As the lingerie industry prepares to push into 2014 and a brand new year of trading, Sarah Blackman looks back on the major issues of 2013 and the key lessons to be taken from the last 12 months.
1) The highstreet isn’t dead, yet
In September, Mary “Queen of Shops” Portas warned that big chains will never return to the high street due to a rise in online shopping, and blamed government ministers for not acting on her plans to rejuvenate town centres.
She was later criticised by veteran retailer Bill Grimsey for failing to tackle the rapid closure of high street stores since publishing her retail review, which he labelled as “little more than a PR stunt”.
But despite predictions of death on the high street, 8,769 independent stores opened between January and July – 424 more than the 8,295 shops that closed in the same period.
On another positive note, high street sales rose for four months in a row between April and July, boosted by the warm weather. In fact, like-for-like retail sales rose 2.2% and total sales 3.9% in July, the best performance since July 2006, the British Retail Consortium said.
Sales fell unexpectedly in October, but UK retailers are set to see sales levels reach £85.2 billion in the Christmas trading period, the highest growth since the financial crisis, according to market research specialist Verdict.
2) Ethical lingerie could change the world
A survey by YouGov revealed an increased consumer demand for ethically-made apparel.
The poll, conducted on behalf of the Global Poverty Project’s “See Through Fashion” campaign, showed that 78% of participants believe UK clothing companies lack transparency concerning the conditions under which their goods are made.
Meanwhile, 74% said they would not mind a 5% increase in apparel prices if it meant labourers received fair wages and had safe working environments.
In an interview with Lingerie Insight back in September, sustainable brands spoke about the importance of looking after their supply chain and making sure they think about the impact that their business decisions have on the environment, without compromising on the quality of their designs.
Pants to Poverty, which focuses on organic farming to improve biodiversity in Indian cotton fields, said it wants to prove how fashion can change the world.
3) Online showrooms gave retailers a new place to trade
Former Maidenform executive George Hardy set up an online space for retailers and brands in the intimate apparel industry to buy and sell lingerie, hosiery and swimwear.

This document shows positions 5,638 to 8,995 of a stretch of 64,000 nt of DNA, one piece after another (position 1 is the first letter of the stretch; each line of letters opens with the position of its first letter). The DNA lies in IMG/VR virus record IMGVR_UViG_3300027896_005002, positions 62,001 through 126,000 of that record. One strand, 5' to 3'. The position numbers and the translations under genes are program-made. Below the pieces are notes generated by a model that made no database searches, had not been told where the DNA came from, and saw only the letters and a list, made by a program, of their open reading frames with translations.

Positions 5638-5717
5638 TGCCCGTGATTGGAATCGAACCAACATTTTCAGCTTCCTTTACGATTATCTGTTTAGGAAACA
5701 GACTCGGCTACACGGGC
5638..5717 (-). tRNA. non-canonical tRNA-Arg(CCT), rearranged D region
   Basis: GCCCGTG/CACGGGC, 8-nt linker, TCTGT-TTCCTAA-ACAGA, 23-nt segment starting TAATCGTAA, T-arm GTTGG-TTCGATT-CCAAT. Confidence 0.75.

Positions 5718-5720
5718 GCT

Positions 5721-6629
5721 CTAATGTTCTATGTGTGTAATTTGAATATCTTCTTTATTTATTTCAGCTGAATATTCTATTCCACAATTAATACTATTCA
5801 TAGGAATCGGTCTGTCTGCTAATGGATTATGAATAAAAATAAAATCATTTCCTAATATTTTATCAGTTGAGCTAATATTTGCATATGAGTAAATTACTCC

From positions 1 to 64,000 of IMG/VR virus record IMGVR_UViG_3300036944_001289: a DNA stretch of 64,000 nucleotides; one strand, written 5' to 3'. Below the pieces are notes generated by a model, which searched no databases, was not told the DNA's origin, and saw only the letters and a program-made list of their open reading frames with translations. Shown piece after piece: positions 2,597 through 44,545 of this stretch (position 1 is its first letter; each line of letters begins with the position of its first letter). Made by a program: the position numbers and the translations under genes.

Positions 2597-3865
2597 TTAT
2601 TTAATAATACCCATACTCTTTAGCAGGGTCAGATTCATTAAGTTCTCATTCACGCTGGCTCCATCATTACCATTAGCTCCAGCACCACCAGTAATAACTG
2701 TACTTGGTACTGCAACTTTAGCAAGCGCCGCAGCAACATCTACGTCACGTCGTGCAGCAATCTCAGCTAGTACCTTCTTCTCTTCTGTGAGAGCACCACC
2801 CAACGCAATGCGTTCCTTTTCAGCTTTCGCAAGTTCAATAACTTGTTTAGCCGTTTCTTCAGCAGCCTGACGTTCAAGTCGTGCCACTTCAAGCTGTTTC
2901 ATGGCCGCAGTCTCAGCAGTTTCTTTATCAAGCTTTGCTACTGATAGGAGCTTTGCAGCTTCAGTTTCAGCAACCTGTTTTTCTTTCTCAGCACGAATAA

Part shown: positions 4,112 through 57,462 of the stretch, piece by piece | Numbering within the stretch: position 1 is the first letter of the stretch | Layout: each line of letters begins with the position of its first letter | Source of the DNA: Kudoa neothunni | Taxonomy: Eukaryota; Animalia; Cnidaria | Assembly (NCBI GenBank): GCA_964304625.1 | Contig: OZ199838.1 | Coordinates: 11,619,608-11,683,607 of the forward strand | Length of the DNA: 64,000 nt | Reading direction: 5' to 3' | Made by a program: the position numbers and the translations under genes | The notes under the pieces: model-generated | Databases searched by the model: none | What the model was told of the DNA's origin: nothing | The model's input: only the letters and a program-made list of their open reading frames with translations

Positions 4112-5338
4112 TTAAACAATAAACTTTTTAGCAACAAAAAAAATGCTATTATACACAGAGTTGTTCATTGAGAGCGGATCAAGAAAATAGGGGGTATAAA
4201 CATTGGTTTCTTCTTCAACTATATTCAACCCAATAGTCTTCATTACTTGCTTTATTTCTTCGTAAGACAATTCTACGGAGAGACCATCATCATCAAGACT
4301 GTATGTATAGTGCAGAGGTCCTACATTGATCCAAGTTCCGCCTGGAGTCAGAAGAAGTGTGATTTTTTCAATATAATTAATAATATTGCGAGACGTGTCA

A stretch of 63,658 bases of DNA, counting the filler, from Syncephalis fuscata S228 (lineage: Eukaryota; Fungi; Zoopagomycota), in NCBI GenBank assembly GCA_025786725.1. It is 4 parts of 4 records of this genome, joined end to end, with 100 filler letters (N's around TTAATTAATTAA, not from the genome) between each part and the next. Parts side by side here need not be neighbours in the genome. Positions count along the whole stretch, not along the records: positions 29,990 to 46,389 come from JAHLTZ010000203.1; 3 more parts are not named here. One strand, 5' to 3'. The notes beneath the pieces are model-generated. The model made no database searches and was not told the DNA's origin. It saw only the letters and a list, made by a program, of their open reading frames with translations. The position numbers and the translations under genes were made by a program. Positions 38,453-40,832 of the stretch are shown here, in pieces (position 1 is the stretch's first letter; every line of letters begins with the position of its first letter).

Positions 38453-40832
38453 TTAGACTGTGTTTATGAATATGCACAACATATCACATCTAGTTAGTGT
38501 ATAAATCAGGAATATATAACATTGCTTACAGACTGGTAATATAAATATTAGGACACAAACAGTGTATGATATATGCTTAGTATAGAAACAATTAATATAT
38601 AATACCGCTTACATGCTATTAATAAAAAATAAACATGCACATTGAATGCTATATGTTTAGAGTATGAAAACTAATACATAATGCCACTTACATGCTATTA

Intimates247 cuts the cost of attending a trade show and allows buyers to order stock 24/7, 365 days a year.
The company joined Pop Market and Yourbrandspace, which were set up in the last two years, in their quest to allow fashion wholesale retailers from all over the world the chance to find new labels and products for their stores.
The internet transformed the consumer world, giving the public a platform to shop away from the high street. Now, buyers and vendors could reap the same benefits.
4) The Fifty Shades effect is still strong
EL James’ best-selling trilogy sent erotic lingerie sales soaring in 2012, with Leia Lingerie reporting an 82% increase in basque sales year-on-year. And in 2013, the Fifty Shades effect showed no signs of fizzling out.
In July, Lingerie Insight learned that Bluebella would launch the official Fifty Shades of Grey lingerie and underwear collection in the UK and Ireland in SS14.
The brand said the range will be available to consumers ahead of the trilogy’s hotly-anticipated first film, to be premiered in the UK on August 1, 2014.
5) The laws of work-place monitoring
Following allegations made by a former MJM International employee that a bugging device had been placed into his office plant pot, fashion lawyers were inundated with questions from clients as to the extent to which employees may be lawfully monitored.
Tim O’Callaghan, a partner in Druces LLP, addressed the matter in a column for Lingerie Insight, stating that “placing a recording device in an employee’s plant pot to record conversations will rarely be justified, and if employers and potential employers want to gather information on staff they should do so in a way that is both proportionate and transparent.”
6) One size never fits all
Swimwear labels including Su Marie launched mix and match collections to ensure that all body sizes and shapes are catered for and not limited by a ‘one size fits all’ approach to sizing. Meanwhile, Charnos Hosiery released a range of tights and knee highs that are custom-made for plus size women.
The brand is doing away with the industry-standard small to extra large sizes and introducing Light Shape (dress size 16-20), Medium Shape (22-26) and Full Shape (28-32). New approaches to sizing were also tapped into this year, including ‘thermovision’.
Polish lingerie manufacturer Corin said it has created the “perfect” bra cup model after teaming up Lodz University of Technology and a leading breast disease specialist. The researchers carried out a thermographic study to visualize interactions between the surface of a bra and a woman’s body to create the model. Corin intends to use the results as a guideline for its future manufacturing processes.
7) How to embrace digital retail
Sales of lingerie made through mobile devices jumped 341% globally in the first half of this year, according to research by Rakuten Marketing, indicating the need for retailers to concentrate on pushing web sales.
A study by marketing expert Tradedoubler also found that 70% of connected shoppers use their mobiles to research the best possible price.
Dan Cohen, regional director for the UK and Ireland at Tradetoubler advised in September that “implementing an effective multi-channel approach” via blogs, social media, email marketing and microsites to support retailers’ high street presence is crucial.